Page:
In his New York Times bestselling novel, David Levithan introduces readers to what Entertainment Weekly calls a "wise, wildly unique" love story about A, a teen who wakes up every morning in a different body, living a different life.
Every day a different body. Every day a different life. Every day in love with the same girl.
Every morning, A wakes in a different persons body, a different persons life. Theres never any warning about where it will be or who it will be. A has made peace with that, even established guidelines by which to live: Never get too attached. Avoid being noticed. Do not interfere.
Its all fine until the morning that A wakes up in the body of Justin and meets Justins girlfriend, Rhiannon. From that moment, the rules by which A has been living no longer apply. Because finally A has found someone to be with - day in, day out, day after day.
With his new novel, David Levithan has pushed himself to new creative heights. He has written a captivating story that will fascinate readers as they begin to comprehend the complexities of life and love in As world, as A and Rhiannon seek to discover if you can truly love someone who is destined to change every day.
I wake up.
Immediately I have to figure out who I am. It's not just the body--opening my eyes and discovering whether the skin on my arm is light or dark, whether my hair is long or short, whether I'm fat or thin, boy or girl, scarred or smooth. The body is the easiest thing to adjust to, if you're used to waking up in a new one each morning. It's the life, the context of the body, that can be hard to grasp.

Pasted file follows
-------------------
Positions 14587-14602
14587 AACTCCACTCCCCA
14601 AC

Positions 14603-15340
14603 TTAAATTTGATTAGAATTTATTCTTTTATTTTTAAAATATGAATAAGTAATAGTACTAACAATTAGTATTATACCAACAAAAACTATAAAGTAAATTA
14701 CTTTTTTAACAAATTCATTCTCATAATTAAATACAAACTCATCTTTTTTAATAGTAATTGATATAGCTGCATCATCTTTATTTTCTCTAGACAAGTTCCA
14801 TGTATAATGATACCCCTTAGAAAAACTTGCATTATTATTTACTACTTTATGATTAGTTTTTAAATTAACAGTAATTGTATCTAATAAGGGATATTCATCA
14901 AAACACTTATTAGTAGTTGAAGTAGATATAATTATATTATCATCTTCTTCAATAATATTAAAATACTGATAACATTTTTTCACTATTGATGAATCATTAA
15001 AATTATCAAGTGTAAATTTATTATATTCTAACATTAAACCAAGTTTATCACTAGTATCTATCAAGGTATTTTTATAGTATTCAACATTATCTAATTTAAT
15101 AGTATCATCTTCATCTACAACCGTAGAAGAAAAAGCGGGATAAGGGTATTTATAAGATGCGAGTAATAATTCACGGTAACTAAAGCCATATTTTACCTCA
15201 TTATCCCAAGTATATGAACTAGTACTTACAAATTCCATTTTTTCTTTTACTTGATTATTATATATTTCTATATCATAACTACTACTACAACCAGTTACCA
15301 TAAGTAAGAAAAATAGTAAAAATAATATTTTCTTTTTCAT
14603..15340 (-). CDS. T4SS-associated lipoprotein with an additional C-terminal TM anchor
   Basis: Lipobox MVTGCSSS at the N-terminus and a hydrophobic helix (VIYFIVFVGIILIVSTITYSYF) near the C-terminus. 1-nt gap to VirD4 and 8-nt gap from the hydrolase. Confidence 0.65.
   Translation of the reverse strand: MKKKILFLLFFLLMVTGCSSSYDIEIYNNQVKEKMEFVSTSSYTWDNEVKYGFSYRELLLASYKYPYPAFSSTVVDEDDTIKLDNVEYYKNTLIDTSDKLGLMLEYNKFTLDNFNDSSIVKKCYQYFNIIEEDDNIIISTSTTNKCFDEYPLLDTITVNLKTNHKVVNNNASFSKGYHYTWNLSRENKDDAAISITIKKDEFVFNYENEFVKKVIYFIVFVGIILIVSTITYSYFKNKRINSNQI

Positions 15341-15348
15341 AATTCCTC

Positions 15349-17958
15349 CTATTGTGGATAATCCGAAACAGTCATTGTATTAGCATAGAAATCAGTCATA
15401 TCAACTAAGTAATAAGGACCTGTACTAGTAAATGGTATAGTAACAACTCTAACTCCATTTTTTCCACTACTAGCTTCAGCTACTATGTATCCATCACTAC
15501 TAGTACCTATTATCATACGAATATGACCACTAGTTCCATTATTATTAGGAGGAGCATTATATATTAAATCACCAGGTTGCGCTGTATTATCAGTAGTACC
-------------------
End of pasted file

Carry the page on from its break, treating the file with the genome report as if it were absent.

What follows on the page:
Every day I am someone else. I am myself--I know I am myself--but I am also someone else.
It has always been like this.
The information is there. I wake up, open my eyes, understand that it is a new morning, a new place. The biography kicks in, a welcome gift from the not?me part of the mind. Today I am Justin. Somehow I know this--my name is Justin--and at the same time I know that I'm not really Justin, I'm only borrowing his life for a day. I look around and know that this is his room. This is his home. The ...
Although the premise of Levithan's novel might seem far-fetched, the concept is a deeply provocative starting point from which to explore a wide variety of topics and themes...Every Day also gets at the heart of what it means to be human and what it means to love. Both are, at best, elusive and, at worst, impossible for A...The profound loneliness of A's life - the lack of genuine connection, and the absence of the opportunity to know someone over time and have him know you is, at times, nearly unbearable.
(Reviewed by Norah Piehl).
Full Review (699 words).
David Levithan might take an unusually philosophical approach to the idea of occupying someone else's body in Every Day, but he's hardly the first person to explore it in fiction. Here are just a few other great examples, which run the gamut from light-hearted to more serious:
The classic book in the "body swap" genre is, of course, Freaky Friday by Mary Rodgers. Originally published in 1972, the humorous story imagines what would happen if eternally bickering teenage daughter Annabelle Andrews switched bodies with her mother. The book has been adapted for the screen several times, and also sparked several sequels, including Summer Switch, in which Annabelle's younger brother switches bodies with their high-powered executive father.
If you liked Every Day, try these:
From the "author to watch" (Kirkus Reviews) of The Five Stages of Andrew Brawley comes a brand-new novel about a teenage boy who must decide whether or not the world is worth saving.
From the New York Times bestselling author of More Happy Than Not comes an explosive examination of grief, mental illness, and the devastating consequences of refusing to let go of the past.
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